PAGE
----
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The Straight Story

An American soldier tries to get PepsiCo to answer a simple question.

12:00 AM, Jun 3, 2005 • By SCOTT W. JOHNSON
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I have attached a photo [omitted here] that I took when patrolling in a Baghdad neighborhood just a few days before the January 30th elections. As you can see, the children are running towards our vehicle waving and smiling. To be candid, the kids probably like candy and toys at least as much as their new freedom, but they were not running and smiling previously when insurgents were terrorizing their neighborhood. That change is due to the efforts, and sacrifices, of U.S. troops to make their neighborhoods safe. Still, does PepsiCo consider the effort that U.S. troops have made in these neighborhoods, including taking casualties, as "lending a hand" or "giving the finger?"

Sorry to repeat myself, but as someone who has served in Iraq and Afghanistan, among other places in the war on terror, I would like to know how the leadership of PepsiCo answers that rather clear question. Since your president, in a prepared public speech to a high-profile university, clearly, methodically explained a point of view, I am asking if that represents the view of PepsiCo Board of Directors. If I may be so bold, I think you owe an answer to the troops on the ground.

I respectfully ask for a personal reply. If that is not possible, then I simply thank you for the form reply that you distributed and the opportunity to be heard.

At this point Major E. received a personal reply, though not one that answered his question. Suzanne Gooley of PepsiCo public relations responded that "we understand that you feel Indra's apology is not satisfactory. We will share your sentiments with her, and deeply regret that you have been disappointed in this way."

Major E. responded:

Thank you for your message. Ms. Nooyi is certainly entitled to her detailed opinion that the United States these days is "giving the finger" to the rest of the world, rather than "lending a hand." Having friends who have recently graduated from Columbia, I would imagine that the audience found her remarks pleasing while I, on the other hand, did not because of the underlying values and obvious political subtext. Without question, the dominant issue of American involvement in the world is the Global War on Terror, including the liberation and continuing stabilization efforts in Afghanistan and Iraq, where myself and over 130,00 other Americans are serving.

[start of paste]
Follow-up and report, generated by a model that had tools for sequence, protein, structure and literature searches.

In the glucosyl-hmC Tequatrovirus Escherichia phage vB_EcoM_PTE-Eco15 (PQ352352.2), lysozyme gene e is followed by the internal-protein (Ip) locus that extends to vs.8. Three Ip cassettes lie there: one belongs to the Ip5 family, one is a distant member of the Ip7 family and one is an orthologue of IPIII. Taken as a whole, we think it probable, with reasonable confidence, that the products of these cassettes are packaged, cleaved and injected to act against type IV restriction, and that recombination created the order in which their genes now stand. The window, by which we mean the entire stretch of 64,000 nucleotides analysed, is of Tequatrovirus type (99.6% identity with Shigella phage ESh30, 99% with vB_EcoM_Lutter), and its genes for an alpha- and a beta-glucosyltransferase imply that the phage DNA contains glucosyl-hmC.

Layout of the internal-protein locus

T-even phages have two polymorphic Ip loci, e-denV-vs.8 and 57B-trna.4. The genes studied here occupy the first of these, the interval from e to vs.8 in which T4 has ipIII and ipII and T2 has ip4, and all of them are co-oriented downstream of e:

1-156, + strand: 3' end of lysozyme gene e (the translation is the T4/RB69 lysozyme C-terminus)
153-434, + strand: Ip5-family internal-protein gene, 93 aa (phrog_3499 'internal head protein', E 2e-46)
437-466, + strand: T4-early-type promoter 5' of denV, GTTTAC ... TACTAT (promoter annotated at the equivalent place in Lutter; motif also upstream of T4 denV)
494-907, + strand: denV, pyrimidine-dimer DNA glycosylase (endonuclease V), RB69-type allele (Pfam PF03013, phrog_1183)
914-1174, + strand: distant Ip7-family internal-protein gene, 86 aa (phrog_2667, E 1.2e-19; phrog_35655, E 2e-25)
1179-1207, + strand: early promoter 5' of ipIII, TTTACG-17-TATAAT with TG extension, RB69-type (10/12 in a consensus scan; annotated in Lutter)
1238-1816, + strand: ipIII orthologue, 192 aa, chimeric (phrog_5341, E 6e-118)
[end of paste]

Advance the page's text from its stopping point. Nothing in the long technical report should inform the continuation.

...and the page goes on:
The question that I have asked since my first communication on this topic is whether PepsiCo agrees with the values that underlie Ms. Nooyi's statement made as the president of PepsiCo, not as a private citizen, since she is the company's president who made the remarks from a prepared text before a high-profile graduate school with media present. In regard to our relations with the rest of the world, does PepsiCo believe that America is "giving the finger," or "lending a hand?"

This is the third time I have asked the question and though it seems quite straightforward, I have yet to receive an answer, only polite responses promising to "forward" my message. Please advise whom I can contact to find out if PepsiCo accepts or rejects Ms. Nooyi's assessment. If getting such an answer continues to be a challenge, I am prepared to beg if necessary.

Giving up PepsiCo products has constituted a special sacrifice for Major E. Until Ms. Nooyi's speech, he had counted on PepsiCo's Gatorade to replenish himself after the drenching sweat he experiences while serving in his tank. Pending a response to his question from PepsiCo, he relies on an unsatisfactory combination of fruit punch and water. It would be nice if they'd just answer his question.

Scott Johnson is a contributor to the blog Power Line and a contributing writer to The Daily Standard.